You’ve been in a car accident and after the initial shock wears off, you’re left to pick up the pieces. While you’re trying to recover—all of a sudden—medical bills, missed time from work, and car repairs start consuming your thoughts. How will they be taken care of? Does the other driver have enough insurance? Do you have the right insurance to help cover you if the other driver doesn’t? When you or the person who hit you have auto insurance with Allstate, you want to make sure that when filing a claim and going through the process, you really are “in good hands.” After your accident and when you’re ready to file a claim, you are given multiple options by Allstate to start the claims process. You have the option to call their 1-800-ALLSTATE number, use the Allstate Mobile app, or to contact your agent directly.
Once this process has begun, you will receive a claim number that you will use to track your claim throughout the entire process.
Once you’ve initially filed the claim, Allstate may contact you to get details about the accident. If Allstate is your insurer, it will likely contact the other driver’s insurance company to compare details of the crash. This helps Allstate and the other insurance provider determine who was at-fault for the accident while taking each driver’s account into consideration.
Georgia uses the modified comparative fault rule when determining fault in automobile accidents. For example, if someone turns in front of you, causing you to slam on your brakes but still inevitably hit them, Allstate may determine that it’s 90 percent the other driver’s fault, but since you were speeding 10 miles over the speed limit, you are 10 percent at fault. The way that this factors into insurance claims is important to understand. Based on the percentage of fault, if any, the insurance company will deduct that ten percent from your determined settlement. However, you may not be able to recover damages if you are 50% or more at fault.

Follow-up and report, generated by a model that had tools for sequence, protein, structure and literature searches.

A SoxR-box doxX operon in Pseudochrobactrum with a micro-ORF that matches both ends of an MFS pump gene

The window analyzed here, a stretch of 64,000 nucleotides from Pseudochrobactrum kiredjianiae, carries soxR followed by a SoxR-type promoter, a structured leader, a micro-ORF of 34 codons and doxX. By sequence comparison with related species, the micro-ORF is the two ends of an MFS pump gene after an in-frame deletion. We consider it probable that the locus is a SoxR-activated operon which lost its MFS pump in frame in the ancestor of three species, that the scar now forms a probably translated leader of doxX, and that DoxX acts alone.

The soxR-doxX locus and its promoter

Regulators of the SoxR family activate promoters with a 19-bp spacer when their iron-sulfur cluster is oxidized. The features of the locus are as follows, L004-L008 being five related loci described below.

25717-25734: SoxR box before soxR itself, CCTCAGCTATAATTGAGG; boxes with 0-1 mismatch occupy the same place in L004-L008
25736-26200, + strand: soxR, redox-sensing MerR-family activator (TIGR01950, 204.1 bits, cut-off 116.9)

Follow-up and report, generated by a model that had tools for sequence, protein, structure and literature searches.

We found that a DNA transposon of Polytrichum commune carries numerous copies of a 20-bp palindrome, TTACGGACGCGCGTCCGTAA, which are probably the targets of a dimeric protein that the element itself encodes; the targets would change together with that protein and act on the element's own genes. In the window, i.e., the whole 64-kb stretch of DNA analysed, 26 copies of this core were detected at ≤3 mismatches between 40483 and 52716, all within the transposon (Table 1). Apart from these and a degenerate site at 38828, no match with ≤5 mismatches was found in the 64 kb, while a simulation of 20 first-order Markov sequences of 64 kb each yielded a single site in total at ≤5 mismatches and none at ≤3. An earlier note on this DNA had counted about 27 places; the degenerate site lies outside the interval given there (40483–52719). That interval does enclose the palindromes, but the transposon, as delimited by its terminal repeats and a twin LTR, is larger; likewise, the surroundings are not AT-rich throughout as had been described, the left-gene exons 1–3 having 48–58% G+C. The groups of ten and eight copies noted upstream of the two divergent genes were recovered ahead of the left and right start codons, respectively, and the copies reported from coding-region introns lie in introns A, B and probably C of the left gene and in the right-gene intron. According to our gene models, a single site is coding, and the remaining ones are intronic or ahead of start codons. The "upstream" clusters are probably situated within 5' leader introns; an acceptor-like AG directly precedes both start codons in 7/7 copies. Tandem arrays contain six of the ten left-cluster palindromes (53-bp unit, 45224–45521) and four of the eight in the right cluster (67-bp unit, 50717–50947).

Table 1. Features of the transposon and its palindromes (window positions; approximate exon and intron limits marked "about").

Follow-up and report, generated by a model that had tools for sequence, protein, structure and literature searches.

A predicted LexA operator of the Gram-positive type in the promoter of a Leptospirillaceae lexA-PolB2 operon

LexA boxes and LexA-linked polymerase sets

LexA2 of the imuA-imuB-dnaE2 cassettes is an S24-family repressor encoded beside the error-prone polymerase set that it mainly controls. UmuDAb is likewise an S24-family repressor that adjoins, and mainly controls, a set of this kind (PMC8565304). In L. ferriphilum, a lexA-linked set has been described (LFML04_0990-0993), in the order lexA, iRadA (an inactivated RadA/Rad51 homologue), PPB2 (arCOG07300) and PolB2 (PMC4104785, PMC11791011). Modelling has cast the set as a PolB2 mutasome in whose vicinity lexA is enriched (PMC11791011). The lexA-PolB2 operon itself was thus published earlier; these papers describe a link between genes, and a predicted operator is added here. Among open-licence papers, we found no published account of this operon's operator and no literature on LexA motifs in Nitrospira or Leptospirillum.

Now that you know the processes, you can understand how Allstate will assess fault based on your experience and the result of their investigation.
The next step is the inspection of the car and assessing personal injury. This involves calculating the damages caused by the car accident and what repairs are needed to fix them. In this stage, there are general damages and special damages. General damages are specified as noneconomic damages like pain and suffering. Special damages are economic losses like property damage, wage loss, and medical expenses. Like many other insurance companies, Allstate uses a computer program to evaluate the amount of damages it owes. Allstate’s computer program, known as the Colossus Program, is well known in the industry and is a frequent source of criticism. The software analyzes your property damage, medical records and bills, and lost wages to determine what was caused by the car accident and to make a settlement valuation.
The most important takeaway from the Colossus software is that makes generalized estimations, based not on your personal experience or your unique situation, but instead based on generally applicable guidelines. It easily leads to under estimation of the appropriate settlement amount and therefore may leave you feeling like you were wronged by the insurance company’s settlement offer.
While we hope insurance companies attempt due diligence in your claim, that doesn’t mean you are being awarded what you rightfully deserve. If you or a loved one has suffered personal injury from a car accident, you have the right to contact an attorney who can go over your case and determine the proper settlement value. You need to focus on your own recovery and let us take care of the rest. Brogdon Champion, LLC can help you. Give us a call today and let’s get started on getting you the right settlement for your personal injury case.